involve its alleged failure to investigate and supervise Nay's
activities sufficiently to discover his fraud. No case has been
cited where this type of omission or practice gives rise to an
action against an exchange under Rule 10b-5. The only cited case
resulted in summary judgment for the exchange. Butterman v.
Walston & Co., Inc., et al., 387 F.2d 822 (7th Cir. 1967). As a
matter of fact it is doubtful that the language of Section
6(a)(1) supports an action by a third party except possibly as a
The other cited cases involve representations or omissions made
with respect to the issuance or sale of specific securities. There
is no indication that Rule 10b-5 was intended to make a national
security exchange responsible for all of the personal
transactions and financial stability of its members. Cf. Buttrey
v. Merrill Lynch et al., 410 F.2d 135 (7th Cir. 1969) for a
typical case involving violations of a stock exchange rule by a
Assuming, however, that Midwest could be liable for
ineffectively policing its members' dealings in unlisted
securities, the defendant's affidavits demonstrate that it
adequately performed its agreement under Section 6(a)(1) of the
Act. Although plaintiffs have shown instances where this
defendant arguably was put on notice of Nay's untrustworthiness,
these do not raise an
issue of fact concerning the adequacy of the defendant's
supervision, but merely tend to show that it was not
fluoroscopic. Neither the law nor common sense requires
perfection but only an agreement "to enforce so far as is within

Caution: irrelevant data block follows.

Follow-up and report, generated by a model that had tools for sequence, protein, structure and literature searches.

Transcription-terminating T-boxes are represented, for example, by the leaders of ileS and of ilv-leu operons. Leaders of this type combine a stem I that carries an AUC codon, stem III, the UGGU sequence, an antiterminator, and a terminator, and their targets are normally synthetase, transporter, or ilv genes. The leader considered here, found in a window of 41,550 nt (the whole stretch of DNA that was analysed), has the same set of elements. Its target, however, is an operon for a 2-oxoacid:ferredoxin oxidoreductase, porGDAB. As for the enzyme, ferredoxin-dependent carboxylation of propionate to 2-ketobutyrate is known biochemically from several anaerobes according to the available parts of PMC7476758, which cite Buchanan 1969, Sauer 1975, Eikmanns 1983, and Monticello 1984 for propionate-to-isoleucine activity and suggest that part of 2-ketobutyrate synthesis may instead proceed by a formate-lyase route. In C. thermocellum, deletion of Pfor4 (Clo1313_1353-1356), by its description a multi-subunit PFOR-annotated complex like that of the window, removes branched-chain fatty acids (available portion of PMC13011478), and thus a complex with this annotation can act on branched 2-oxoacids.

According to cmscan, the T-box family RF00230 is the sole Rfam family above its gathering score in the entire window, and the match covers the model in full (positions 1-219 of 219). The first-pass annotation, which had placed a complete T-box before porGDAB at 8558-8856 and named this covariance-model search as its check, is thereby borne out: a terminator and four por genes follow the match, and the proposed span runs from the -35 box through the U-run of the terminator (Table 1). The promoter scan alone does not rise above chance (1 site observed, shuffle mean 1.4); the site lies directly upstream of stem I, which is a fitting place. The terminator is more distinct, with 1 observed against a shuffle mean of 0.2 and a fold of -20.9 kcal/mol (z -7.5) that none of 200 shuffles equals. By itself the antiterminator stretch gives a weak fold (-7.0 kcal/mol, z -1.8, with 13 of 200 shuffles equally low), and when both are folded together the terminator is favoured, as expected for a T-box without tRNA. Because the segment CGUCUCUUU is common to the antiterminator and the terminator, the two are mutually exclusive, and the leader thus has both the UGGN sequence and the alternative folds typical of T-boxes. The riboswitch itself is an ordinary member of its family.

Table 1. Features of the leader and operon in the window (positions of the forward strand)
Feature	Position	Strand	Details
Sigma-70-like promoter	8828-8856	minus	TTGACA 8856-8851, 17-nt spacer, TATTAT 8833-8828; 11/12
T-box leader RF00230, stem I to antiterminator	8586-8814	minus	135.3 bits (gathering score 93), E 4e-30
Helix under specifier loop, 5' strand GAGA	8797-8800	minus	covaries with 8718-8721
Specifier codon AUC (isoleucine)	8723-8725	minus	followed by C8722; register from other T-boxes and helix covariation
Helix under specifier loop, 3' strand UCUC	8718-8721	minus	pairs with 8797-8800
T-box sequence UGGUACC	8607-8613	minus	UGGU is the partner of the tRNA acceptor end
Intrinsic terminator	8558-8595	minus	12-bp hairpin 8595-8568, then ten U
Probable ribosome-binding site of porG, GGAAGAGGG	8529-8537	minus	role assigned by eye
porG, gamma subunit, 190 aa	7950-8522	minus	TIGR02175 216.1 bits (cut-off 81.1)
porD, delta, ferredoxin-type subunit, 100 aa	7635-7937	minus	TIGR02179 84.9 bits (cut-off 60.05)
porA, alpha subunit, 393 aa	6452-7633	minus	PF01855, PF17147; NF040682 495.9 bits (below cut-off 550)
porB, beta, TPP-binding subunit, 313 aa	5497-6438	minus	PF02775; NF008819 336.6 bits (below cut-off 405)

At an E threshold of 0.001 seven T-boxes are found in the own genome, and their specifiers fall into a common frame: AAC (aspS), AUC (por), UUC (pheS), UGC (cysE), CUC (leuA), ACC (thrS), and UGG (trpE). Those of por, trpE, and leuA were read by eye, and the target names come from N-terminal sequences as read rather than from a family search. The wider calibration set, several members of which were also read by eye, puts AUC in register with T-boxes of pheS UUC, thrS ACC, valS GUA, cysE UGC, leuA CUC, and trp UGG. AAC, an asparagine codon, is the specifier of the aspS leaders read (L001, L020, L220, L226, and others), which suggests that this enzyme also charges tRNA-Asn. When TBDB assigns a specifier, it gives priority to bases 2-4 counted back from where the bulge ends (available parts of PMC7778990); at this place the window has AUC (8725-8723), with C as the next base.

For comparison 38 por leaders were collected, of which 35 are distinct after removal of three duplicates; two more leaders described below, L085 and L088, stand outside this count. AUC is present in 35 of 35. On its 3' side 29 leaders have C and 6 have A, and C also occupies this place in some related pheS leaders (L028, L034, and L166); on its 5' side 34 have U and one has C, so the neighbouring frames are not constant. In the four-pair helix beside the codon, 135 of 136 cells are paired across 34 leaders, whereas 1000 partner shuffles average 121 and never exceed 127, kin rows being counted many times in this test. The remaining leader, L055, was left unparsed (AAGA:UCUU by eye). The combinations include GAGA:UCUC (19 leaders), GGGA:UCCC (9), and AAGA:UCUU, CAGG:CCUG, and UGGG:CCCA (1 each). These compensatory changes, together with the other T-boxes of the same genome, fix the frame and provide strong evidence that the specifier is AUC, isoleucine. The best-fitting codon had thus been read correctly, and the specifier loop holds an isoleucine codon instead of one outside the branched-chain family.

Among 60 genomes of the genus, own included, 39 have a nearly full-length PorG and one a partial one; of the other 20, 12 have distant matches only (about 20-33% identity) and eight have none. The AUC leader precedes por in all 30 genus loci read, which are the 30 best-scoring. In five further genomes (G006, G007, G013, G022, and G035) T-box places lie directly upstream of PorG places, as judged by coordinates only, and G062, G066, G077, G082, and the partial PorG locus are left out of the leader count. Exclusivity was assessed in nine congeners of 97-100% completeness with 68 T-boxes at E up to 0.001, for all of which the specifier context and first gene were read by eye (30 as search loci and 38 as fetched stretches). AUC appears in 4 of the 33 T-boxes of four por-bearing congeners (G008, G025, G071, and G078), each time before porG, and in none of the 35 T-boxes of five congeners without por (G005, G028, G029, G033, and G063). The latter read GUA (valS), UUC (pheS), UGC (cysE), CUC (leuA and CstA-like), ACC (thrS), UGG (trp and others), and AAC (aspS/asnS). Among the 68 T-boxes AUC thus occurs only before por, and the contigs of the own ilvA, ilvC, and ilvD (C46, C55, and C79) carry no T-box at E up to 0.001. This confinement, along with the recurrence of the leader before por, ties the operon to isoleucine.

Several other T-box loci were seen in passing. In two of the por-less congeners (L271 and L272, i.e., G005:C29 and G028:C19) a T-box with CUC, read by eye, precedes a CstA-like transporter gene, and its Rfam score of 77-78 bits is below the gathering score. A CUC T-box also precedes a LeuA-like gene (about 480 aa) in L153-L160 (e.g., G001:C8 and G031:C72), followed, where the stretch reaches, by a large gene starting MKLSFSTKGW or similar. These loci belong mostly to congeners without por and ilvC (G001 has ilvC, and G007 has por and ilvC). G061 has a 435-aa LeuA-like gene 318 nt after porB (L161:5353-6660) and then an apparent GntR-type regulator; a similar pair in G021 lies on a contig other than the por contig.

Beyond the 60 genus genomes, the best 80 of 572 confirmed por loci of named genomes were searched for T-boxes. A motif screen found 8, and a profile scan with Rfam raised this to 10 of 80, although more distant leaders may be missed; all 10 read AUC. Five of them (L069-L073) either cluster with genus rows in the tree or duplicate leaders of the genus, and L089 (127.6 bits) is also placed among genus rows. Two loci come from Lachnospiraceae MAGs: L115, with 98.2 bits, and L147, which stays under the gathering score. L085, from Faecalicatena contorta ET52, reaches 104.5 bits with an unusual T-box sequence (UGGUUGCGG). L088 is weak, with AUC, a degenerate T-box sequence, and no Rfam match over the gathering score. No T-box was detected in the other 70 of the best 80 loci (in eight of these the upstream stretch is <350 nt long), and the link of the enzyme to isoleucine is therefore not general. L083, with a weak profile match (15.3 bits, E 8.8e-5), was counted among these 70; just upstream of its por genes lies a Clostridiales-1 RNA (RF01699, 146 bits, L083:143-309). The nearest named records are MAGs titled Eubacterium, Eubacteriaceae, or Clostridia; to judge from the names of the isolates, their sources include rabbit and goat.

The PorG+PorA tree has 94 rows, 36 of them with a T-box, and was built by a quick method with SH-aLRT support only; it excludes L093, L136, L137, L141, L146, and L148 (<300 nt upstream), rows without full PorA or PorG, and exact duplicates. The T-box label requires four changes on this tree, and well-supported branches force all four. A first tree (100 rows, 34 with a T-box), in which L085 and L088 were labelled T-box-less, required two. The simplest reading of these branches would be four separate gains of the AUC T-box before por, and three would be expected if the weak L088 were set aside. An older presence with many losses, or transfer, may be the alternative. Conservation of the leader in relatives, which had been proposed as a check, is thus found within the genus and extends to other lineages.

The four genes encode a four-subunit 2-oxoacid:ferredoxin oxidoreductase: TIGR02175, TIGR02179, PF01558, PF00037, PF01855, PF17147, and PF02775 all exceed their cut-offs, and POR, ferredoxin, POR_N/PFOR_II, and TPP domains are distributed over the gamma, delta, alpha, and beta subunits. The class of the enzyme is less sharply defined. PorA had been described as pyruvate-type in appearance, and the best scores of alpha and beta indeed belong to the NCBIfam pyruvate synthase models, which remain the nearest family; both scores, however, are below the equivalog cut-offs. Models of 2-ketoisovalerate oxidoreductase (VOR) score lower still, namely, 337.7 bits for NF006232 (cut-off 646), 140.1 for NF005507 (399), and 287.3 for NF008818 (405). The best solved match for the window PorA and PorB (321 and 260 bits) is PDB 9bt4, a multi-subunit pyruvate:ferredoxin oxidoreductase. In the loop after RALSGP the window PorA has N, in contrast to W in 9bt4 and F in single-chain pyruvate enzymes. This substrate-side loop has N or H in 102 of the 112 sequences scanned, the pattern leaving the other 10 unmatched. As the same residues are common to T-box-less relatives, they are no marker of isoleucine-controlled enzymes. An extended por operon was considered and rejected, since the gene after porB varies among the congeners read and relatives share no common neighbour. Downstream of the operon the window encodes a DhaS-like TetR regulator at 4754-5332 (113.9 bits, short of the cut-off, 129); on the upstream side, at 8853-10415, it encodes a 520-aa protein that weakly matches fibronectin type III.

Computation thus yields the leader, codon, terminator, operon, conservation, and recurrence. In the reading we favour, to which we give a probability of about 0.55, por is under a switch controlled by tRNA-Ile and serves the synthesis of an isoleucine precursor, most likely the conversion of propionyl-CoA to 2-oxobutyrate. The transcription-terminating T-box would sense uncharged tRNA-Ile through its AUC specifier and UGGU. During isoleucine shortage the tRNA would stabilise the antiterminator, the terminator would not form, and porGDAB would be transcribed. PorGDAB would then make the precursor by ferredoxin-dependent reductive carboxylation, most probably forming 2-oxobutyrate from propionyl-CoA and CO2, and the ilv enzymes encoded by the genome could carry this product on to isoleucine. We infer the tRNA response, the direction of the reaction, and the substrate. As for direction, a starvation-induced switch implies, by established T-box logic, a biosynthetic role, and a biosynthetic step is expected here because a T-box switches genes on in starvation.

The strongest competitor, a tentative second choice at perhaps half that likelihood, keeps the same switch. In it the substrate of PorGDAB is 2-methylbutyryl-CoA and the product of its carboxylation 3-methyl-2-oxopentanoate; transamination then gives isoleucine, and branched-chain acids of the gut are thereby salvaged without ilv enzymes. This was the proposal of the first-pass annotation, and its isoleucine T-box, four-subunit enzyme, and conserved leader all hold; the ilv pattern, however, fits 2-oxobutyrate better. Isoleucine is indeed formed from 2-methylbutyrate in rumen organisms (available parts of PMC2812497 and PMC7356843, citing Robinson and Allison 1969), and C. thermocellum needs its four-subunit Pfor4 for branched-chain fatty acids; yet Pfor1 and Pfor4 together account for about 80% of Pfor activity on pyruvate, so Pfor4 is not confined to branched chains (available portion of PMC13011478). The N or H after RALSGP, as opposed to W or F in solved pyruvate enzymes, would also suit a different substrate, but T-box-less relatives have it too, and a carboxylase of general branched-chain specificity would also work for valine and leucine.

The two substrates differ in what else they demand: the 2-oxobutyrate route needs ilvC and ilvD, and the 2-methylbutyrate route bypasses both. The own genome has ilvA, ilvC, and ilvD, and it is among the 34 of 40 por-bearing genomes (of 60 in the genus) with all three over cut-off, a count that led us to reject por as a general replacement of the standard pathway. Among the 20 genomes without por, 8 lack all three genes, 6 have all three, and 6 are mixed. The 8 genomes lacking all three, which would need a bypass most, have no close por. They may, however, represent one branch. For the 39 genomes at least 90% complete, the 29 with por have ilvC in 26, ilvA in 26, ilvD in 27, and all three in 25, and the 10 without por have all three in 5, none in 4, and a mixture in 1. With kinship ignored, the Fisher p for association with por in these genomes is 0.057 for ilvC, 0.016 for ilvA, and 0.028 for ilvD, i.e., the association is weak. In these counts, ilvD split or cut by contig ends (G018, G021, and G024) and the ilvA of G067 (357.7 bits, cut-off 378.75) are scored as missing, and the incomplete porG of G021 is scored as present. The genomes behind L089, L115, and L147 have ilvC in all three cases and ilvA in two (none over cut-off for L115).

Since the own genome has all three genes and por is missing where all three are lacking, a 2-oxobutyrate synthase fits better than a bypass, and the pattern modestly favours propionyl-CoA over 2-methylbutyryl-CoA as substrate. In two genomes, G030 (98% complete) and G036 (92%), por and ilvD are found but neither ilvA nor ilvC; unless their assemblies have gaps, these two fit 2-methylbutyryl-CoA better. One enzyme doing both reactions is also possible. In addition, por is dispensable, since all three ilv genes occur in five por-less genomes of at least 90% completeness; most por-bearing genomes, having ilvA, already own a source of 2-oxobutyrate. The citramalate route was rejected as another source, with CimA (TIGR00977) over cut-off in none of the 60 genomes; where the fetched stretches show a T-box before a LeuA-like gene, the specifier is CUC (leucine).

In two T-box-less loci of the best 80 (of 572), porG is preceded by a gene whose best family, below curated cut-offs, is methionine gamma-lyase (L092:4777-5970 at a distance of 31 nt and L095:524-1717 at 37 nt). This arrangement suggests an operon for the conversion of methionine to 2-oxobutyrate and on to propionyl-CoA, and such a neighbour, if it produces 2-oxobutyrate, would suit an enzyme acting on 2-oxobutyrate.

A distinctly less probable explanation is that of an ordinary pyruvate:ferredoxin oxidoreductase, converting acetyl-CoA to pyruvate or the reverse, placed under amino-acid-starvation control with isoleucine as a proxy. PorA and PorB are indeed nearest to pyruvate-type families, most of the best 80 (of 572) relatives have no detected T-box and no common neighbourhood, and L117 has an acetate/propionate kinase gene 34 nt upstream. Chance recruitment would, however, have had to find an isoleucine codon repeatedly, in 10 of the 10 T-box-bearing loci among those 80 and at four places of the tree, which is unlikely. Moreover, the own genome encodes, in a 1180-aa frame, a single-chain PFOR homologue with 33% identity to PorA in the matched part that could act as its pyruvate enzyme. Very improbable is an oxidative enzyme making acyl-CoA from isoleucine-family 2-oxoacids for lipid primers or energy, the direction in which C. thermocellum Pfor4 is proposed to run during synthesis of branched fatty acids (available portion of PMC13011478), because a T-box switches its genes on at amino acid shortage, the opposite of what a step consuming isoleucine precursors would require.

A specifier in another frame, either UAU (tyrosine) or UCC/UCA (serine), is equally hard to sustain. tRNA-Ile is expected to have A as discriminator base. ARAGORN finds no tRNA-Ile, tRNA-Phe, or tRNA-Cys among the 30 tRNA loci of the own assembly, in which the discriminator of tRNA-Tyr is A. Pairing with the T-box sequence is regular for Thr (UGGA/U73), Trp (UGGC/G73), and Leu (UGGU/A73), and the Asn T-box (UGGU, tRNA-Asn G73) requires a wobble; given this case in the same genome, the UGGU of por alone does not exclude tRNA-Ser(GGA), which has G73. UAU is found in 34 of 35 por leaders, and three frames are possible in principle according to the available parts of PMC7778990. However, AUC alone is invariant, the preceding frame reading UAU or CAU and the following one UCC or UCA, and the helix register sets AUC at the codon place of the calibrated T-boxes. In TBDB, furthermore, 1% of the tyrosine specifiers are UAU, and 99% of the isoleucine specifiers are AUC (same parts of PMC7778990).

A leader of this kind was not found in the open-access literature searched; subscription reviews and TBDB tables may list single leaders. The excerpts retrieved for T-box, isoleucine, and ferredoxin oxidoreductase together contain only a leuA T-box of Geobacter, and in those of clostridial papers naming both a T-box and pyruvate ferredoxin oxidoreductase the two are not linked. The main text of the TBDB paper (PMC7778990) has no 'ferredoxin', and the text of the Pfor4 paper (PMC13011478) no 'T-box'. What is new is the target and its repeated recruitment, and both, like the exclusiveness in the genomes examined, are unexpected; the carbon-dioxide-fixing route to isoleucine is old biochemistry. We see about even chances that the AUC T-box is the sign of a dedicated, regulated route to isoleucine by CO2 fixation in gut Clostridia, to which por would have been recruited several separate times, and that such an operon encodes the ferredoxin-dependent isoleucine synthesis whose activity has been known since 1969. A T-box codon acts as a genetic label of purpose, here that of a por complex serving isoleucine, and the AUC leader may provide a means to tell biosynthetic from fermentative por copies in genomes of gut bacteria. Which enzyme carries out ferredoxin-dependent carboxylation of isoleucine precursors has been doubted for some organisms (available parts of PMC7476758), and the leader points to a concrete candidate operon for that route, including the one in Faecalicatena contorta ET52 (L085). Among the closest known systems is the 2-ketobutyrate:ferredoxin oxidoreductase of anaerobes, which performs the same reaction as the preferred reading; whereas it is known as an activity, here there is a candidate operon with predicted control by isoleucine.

its powers compliance by its members . . ." (15 U.S.C. § 78f).
Defendant's affidavits establish this without contradiction.
The words of the Court of Appeals in # 71-1422 involving a
customer's claim against the broker are somewhat apropos to
Midwest's position in this case:
Nothing which occurred during the almost 25 years of
Schueren's dealings with First Securities and Nay can
be said to have put a reasonable person on notice
that anything was amiss. . . . Even the trust
department of the Union Bank was completely duped by
Nay for more than a year after Schueren's death until
The court finds and concludes as a matter of law that Midwest
performed its obligations under Section 6(a)(1) and that no
triable issue of fact remains therein.
There is no longer any issue in this case that Nay violated
Rule 10b-5 and committed fraud in the sale of "securities"
(Case # 71-1422, Seventh Circuit, August 1, 1972). It must also
be assumed that he violated one or more of defendant's rules
and regulations. This does not constitute fraudulent conduct by
the defendant exchange, as occurred in Carroll v. First National
Bank of Lincolnwood, 413 F.2d 353 (7th Cir. 1969), cert. den.
396 U.S. 1003, 90 S.Ct. 552, 24 L.Ed.2d 494 (1970). It also cannot be
said from any of the facts or alleged facts in this case that
defendant Midwest "aided and abetted" Nay in any actionable
sense. Wessel v. Buhler, 437 F.2d 279 (9th Cir. 1971); see also
Brennan v. Midwestern United Life Insurance Company,
417 F.2d 147, 154-155 (7th Cir. 1969), cert. den. 397 U.S. 989, 90 S.Ct.
1122, 25 L.Ed.2d 397 (1970).
Defendant Midwest alternatively contends that the three-year
statute of limitations had run by the time this case was filed
on February 19, 1971. Plaintiffs contend that the statute was
tolled by fraudulent concealment, but the facts do not support
this theory either. To toll the statute, the defendant must have
actively concealed the cause of action, and Midwest clearly was
not shown to have done this. The law on this point was not shown
to be different than it was in Morgan v. Koch, 419 F.2d 993 (7th
Cir. 1969). Since none of the plaintiffs entrusted funds to Nay
after 1966, their claims are barred.